The big party tonight is all everyone talks about in our house. What to wear: the sparkly red shoes that pinch the toes or the green satin ones that slip off the heel? The salmon dress with maroon flounces or the yellow and lime green? Hair up with curly tendrils over the forehead or ringlets over the shoulder? Should George drive the coach alone in full livery or should Tom, his boy, be in attendance too, also in livery?
By everyone, I mean of course Mummy and Emelda, my older sister.
“But I want to stay home tonight,” I wail. I’m reading this terrific book about a man on a desert island, but I can’t tell Mummy that. She detests books.
“How will you find a husband if you stay at home?” Mummy asks, primping up the bow in my hair. I jerk my head away. I want to be in a shipwreck and washed up on a desert island, not find a husband.
Later I catch Freddie as he’s about to go into his study. Mummy snagged Freddie last summer. Just in time, according to Mummy’s financial advisor. I tell him about needing to stay home to read my book, hoping Continue reading →
February! Still cold. More snow – a lot – coming down. It’s time for something special. No, I’m not talking about Valentine’s Day, nor even about International Book Giving Day.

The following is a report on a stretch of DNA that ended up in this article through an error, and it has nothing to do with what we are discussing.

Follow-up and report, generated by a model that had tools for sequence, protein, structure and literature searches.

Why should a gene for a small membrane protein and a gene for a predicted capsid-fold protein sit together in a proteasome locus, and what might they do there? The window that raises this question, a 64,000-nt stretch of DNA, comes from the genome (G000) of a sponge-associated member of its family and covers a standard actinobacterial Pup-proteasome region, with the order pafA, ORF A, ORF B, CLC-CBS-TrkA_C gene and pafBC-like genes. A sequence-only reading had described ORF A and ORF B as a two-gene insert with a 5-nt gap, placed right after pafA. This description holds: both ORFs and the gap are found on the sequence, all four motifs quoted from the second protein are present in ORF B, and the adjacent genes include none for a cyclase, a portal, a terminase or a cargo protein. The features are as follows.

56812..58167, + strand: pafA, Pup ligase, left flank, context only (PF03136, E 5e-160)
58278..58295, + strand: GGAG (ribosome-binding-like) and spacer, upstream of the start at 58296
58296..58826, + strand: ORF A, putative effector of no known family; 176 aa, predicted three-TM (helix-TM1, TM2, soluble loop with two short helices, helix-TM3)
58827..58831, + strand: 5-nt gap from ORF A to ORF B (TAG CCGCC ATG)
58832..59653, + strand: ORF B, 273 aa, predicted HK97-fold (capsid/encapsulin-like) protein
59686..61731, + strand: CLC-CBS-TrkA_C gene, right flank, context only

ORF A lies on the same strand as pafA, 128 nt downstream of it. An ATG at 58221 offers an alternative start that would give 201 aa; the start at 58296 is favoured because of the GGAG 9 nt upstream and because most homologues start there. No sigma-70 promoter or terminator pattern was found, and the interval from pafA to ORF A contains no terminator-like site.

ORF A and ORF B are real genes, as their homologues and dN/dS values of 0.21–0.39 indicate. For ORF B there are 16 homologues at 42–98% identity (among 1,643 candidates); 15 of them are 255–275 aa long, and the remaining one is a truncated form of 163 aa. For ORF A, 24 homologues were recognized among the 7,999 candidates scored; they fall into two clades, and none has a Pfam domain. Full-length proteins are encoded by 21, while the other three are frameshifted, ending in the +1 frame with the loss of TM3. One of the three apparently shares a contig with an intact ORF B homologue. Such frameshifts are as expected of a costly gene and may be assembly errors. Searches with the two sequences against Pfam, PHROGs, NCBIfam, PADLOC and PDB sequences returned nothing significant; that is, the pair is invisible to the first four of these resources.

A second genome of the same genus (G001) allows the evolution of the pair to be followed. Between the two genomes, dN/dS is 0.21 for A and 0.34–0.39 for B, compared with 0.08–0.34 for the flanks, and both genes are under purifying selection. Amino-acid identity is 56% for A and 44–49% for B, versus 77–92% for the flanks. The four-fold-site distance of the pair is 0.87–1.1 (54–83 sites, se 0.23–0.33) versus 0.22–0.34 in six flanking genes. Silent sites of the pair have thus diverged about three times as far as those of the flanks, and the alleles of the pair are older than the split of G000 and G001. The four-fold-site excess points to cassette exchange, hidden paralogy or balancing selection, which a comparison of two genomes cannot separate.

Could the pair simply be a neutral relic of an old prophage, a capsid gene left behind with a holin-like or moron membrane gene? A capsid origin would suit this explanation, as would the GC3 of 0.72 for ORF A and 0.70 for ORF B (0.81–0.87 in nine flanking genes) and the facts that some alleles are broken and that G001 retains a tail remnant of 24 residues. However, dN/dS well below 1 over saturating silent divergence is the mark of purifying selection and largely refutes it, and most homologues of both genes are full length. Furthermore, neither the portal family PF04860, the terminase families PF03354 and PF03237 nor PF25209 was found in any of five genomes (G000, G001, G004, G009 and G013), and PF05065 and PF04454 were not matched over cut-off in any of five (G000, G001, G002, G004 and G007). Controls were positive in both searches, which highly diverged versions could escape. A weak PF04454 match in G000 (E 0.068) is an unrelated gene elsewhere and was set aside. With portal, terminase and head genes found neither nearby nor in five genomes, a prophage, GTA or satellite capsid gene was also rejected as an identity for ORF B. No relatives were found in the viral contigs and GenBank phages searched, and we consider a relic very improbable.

My special something? A Reading Week.
Now is the perfect time to gather all those books you’ve been wanting to read. And read them. A terrific February treat to go with those Valentine’s chocolates and the Olympics!
On my list:
- “One Good Story, That One” by Thomas King. I pounced on this in The Word, one of my two favorite second-hand bookstore in Montreal (the other is Odyssey) as soon as I saw it because I so enjoyed King’s novel “Green Grass, Running Water.” I’ve made a start on this collection and love the cover design, love the stories, the stupendous Continue reading →
You’d think that celebrated award-winning children’s author David Elliott couldn’t possibly complain of a shortage of readers. But in a recent post on his website he shares his disappointment with a particular publishing experience.
I was impressed that an author with such a large following would be so honest about a less than stellar publication experience, and was as happy as if I’d written the book myself when I learned that all was not lost… that David had received Continue reading →